Ah, summer. The chance to relax, take a nice vacation, maybe even wear short sleeves and comfy sandals to work.

And make a complete dolt of yourself at the company picnic or barbecue.

Many young workers, in their excitement at the thought of getting drunk and chowing down at their employer's expense, fail to realize that office parties aren't really parties. Just because you're off the clock doesn't mean you're off your boss's radar. How you conduct yourself at "business social" gatherings can have long-term effects on your career.

Here are a few do's and don'ts to help you have a good time at company picnics, golf outings and pool parties without drowning your chance for promotion:

* Don't skip the get-together. Even if you are painfully shy, it's best to make at least a brief appearance, munch on some chips and salsa, and chat with a few people. If you never go to any of the office parties, you not only miss out on opportunities to get to know your co-workers better, but you also could get a reputation as an unfriendly snob. In other words, not the "team player" that higher-ups consider for promotions.

* Don't drink too much. Before the party, investigate your company's policy about drinking alcohol at work-related events. Check your company handbook. If there are no official guidelines, stick with one or two drinks. Even if you know you can handle more, it just doesn't look good if you are slamming back a shot of Maker's Mark every 15 minutes. (Besides, you're hogging the good bourbon.)

It can be pretty hard to shake a reputation as a problem drinker, even after only one embarrassing incident. You could lead the company's sales force for six consecutive years and still be remembered mainly as the guy who danced on a wobbly picnic table singing "Radar Love."

If you don't think you can control yourself, there's no shame in sticking with the lemonade.

* Do keep your hands to yourself. That cutie you made out with in the mailroom could be your future boss. Or your current boss's 16-year-old son.

Even among peers, one person's idea of harmless flirting can be another's expensive sexual harassment suit. If you wouldn't say it in front of the office water cooler, don't say it in front of the company-sponsored open bar.

If things do get out of hand, be respectful and discreet about it afterward. You could be sharing a cubicle wall with your little dalliance for years to come.

* Don't dress too casually. These events are more high-school reunion than family reunion. You're there to see and be seen in a good light. In his classic "Dress for Success" book series, John T. Molloy recommends a conservative approach. Polo shirts and blouses with khakis are best. No tank tops or flip-flops. Thongs of either variety are inappropriate.

* Don't gossip indiscriminately. While these events can be a great way to find out about promotions and changes that could affect your career, be careful what you say about other people. That cutting criticism of your boss and co-workers, no matter how valid, that you shared with Anne from accounting could easily make it back to them. Assume it will and keep your mouth shut. Surely you can find something else to talk about.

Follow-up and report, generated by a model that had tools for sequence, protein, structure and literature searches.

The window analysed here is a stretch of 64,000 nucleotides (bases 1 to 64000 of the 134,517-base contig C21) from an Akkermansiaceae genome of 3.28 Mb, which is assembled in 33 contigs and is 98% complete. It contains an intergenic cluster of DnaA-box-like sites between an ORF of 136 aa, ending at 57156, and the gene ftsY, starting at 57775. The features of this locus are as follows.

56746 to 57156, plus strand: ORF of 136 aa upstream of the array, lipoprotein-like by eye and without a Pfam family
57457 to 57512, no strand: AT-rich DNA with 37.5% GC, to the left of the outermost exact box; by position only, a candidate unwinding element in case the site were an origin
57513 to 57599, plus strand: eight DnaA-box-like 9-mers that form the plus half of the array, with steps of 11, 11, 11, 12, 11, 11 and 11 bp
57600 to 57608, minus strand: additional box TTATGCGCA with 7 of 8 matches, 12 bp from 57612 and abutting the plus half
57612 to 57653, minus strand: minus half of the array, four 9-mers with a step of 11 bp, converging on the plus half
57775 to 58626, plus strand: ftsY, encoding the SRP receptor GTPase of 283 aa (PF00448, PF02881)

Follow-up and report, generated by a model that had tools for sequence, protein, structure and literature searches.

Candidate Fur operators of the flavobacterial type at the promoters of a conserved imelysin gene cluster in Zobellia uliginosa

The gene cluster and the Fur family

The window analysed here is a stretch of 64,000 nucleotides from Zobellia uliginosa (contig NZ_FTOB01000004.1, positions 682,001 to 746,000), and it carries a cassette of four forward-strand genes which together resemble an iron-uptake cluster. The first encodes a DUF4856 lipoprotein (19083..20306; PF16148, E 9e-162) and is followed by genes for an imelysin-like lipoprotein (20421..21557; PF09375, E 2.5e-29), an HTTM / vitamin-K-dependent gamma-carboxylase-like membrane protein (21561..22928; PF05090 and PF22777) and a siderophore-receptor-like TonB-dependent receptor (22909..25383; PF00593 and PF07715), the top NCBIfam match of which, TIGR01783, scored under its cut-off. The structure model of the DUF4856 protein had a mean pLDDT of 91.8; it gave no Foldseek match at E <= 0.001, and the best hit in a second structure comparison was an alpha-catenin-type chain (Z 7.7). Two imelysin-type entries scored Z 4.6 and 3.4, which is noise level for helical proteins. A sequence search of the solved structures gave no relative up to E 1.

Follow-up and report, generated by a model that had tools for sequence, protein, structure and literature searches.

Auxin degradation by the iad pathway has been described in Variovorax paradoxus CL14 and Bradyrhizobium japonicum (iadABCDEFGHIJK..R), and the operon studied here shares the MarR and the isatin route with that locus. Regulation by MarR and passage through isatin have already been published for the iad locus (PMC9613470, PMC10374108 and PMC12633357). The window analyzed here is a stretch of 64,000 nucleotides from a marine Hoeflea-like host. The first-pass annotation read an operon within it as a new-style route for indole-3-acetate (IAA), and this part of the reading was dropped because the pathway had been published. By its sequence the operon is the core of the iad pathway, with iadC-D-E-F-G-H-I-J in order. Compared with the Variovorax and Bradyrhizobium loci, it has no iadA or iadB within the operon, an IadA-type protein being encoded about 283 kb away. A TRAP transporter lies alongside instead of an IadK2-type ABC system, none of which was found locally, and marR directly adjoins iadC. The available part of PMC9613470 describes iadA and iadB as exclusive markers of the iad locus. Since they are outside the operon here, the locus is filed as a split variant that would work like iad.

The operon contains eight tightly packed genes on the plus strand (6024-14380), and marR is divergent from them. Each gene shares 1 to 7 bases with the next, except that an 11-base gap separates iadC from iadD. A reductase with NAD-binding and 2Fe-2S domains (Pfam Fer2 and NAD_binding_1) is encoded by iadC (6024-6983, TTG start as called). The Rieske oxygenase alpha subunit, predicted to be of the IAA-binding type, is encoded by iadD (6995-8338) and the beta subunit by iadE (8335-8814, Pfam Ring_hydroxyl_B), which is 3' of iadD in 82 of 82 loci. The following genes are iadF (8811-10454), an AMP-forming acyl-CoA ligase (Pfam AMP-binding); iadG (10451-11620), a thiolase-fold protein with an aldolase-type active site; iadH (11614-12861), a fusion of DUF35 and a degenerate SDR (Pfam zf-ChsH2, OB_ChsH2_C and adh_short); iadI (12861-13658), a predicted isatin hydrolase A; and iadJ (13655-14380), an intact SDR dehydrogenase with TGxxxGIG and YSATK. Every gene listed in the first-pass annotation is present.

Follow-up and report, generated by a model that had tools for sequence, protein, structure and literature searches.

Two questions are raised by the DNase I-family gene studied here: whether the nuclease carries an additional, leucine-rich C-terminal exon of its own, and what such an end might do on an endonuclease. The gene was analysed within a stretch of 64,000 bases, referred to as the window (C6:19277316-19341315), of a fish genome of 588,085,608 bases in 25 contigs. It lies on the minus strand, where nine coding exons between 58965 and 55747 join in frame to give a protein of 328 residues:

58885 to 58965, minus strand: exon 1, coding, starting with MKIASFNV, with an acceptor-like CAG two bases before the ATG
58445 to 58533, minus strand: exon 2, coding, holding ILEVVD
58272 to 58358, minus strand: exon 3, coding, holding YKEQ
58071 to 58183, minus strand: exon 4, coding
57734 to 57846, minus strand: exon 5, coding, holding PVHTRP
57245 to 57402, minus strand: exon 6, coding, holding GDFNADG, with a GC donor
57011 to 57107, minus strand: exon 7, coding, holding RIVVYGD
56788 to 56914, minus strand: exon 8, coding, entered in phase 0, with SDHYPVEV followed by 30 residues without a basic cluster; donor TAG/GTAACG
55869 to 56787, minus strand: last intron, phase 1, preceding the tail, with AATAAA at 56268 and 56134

* Do ask how many guests you can bring. Some parties are for employees only. Others are open to spouses, dates and children. If the party invitation or announcement doesn't specify, ask first.

Sometimes even if the announcement says the party is open to family members and friends, most people come alone. Ask your co-workers who they are planning to bring, if anyone.

* Do mingle. If you spend all of your time goofing off with your usual office buddies, you lose a chance to meet people in other departments.

Knowing people throughout the company is a valuable asset, and you might hear about interesting openings in other divisions. Think of it as inter-office networking.

* Do introduce yourself to higher-ups. This could be your best chance to meet upper-level executives at your company, who are normally inaccessible to the rank-and-file. Assuming you are sober, well-dressed and polite, it's an excellent chance to make a good impression.

* Don't hit up your boss for a raise. This is a social event. Ask your boss what she does outside of work, not when you can expect to be made project manager. Save the arguments for why you deserve a huge salary increase for your annual review. That goes for any ideas you have for "maximizing efficiency in the use of the office's shared color printer" as well.

* Do have fun. While you should not confuse office parties for college keggers, they can still be fun, especially if you don't have to spend decades repairing your reputation afterward.

E-mail Mary Ellen Slayter at slayterme@washpost.com. Join her for Career Track Live at 11 a.m. Monday.